When you’re moving, packing always starts with the best intentions. How hard could it be? You get some boxes, put things in the boxes, and you’re done. Easy, right? Wrong. Packing up a house is infinitely more difficult when you’re still living in it, and when you have two kids who treat the full boxes like a fun new playground. Why are they tap-dancing on the box of antique dishware? Why are they eating the packing peanuts? Does any of that matter if it means they’re not crying?
The sheer amount of STUFF you accumulate as a family is staggering. The keepsakes, mementos, and precious items slowly build up in your closets, covered in dust and whispers of the past. Here is your daughter’s favorite stuffed cat, the one she carried everywhere. Here is your son’s tiny little hat that he wore home from the hospital. All these touchstones that are so important to us are now being stuffed into a bulging box that refuses to close because you can’t find the #$%&*! tape gun.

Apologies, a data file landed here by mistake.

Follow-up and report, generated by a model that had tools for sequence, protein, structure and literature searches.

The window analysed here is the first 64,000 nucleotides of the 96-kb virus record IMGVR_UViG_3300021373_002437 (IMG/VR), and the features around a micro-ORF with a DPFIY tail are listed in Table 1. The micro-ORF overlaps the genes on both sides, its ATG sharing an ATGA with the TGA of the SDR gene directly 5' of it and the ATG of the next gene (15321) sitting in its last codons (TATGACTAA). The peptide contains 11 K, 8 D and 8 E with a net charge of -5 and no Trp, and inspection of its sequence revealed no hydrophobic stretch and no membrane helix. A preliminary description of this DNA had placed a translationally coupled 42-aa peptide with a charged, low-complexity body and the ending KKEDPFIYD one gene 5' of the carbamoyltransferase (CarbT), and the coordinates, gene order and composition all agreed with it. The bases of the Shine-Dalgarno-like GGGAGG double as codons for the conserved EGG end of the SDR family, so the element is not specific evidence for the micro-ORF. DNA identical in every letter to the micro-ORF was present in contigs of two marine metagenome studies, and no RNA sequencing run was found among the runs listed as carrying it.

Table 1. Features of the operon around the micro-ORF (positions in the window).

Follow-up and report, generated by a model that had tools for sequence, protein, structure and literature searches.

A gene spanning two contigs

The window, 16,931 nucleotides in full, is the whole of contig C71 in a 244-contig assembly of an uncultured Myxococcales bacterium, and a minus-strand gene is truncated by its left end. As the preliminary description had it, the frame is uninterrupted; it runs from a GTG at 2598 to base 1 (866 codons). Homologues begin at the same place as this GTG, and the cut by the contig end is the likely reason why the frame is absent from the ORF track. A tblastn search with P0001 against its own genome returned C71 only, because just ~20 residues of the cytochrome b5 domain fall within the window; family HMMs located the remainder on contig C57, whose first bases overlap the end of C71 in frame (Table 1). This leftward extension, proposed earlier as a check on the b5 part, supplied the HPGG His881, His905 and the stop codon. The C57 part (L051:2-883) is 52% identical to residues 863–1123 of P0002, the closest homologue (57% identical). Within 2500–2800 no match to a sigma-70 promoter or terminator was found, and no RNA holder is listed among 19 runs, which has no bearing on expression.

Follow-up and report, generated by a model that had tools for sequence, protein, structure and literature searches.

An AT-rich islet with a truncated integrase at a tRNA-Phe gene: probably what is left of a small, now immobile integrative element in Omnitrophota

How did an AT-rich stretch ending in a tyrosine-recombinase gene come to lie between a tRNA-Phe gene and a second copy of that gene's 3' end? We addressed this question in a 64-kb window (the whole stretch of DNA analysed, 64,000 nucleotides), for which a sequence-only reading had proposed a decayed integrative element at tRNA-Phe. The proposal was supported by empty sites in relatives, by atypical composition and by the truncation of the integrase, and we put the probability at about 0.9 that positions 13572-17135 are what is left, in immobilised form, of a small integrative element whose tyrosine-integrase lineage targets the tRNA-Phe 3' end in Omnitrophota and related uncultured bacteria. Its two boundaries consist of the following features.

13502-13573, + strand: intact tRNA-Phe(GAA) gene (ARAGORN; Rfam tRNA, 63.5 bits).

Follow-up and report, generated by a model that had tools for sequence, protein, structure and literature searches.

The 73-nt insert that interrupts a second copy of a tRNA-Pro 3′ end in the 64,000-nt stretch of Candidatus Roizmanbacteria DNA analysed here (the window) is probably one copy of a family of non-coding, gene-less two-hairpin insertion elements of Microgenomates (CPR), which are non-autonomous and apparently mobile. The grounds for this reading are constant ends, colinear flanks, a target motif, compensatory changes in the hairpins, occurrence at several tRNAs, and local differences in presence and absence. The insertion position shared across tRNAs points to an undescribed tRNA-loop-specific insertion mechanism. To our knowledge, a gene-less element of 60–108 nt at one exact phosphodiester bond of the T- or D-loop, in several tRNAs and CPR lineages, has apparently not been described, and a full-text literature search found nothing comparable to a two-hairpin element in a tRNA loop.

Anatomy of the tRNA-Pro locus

So many questions come up as you’re sifting through your things. Questions like:
- Why do I have three melon ballers? I don’t even like melons.
- Why do I have six half-empty bottles of conditioner under the bathroom sink?
- Why did I buy a fuzzy grey sponge – oh god, it’s MOVING.
There are things that I’ve kept for years that I have no intention of getting rid of. I don’t use them, I don’t need them, but I absolutely refuse to part with them. Do I ever use that old popcorn maker? No, but I might. Do I ever wear this frosty blue eyeshadow? No, but I might. Do I really need this box of industrial staples? No, but I might. I’ve ended up keeping so many things just in case that my closets and drawers are stuffed to the brim. And since we’re moving, I’m currently sweating and cramming all those importantly unimportant items into boxes.
I’m lucky to have so much stuff, I realize that. I inherited a lot of things from my parents; things that were headed for the trash can; old pictures of forgotten places, scribbled shopping lists, address books full of phone numbers that no longer work. Everything is a link to the past, a link to the person I used to be. I found some letters my grandmother wrote to my mom – beautiful letters on paper as thin as tissue; letters from a mother fretting about her daughter; letters frozen in time from a woman who’s long gone. How lucky I am.
I also gave away two of the three melon ballers, but I’ll keep one, just in case.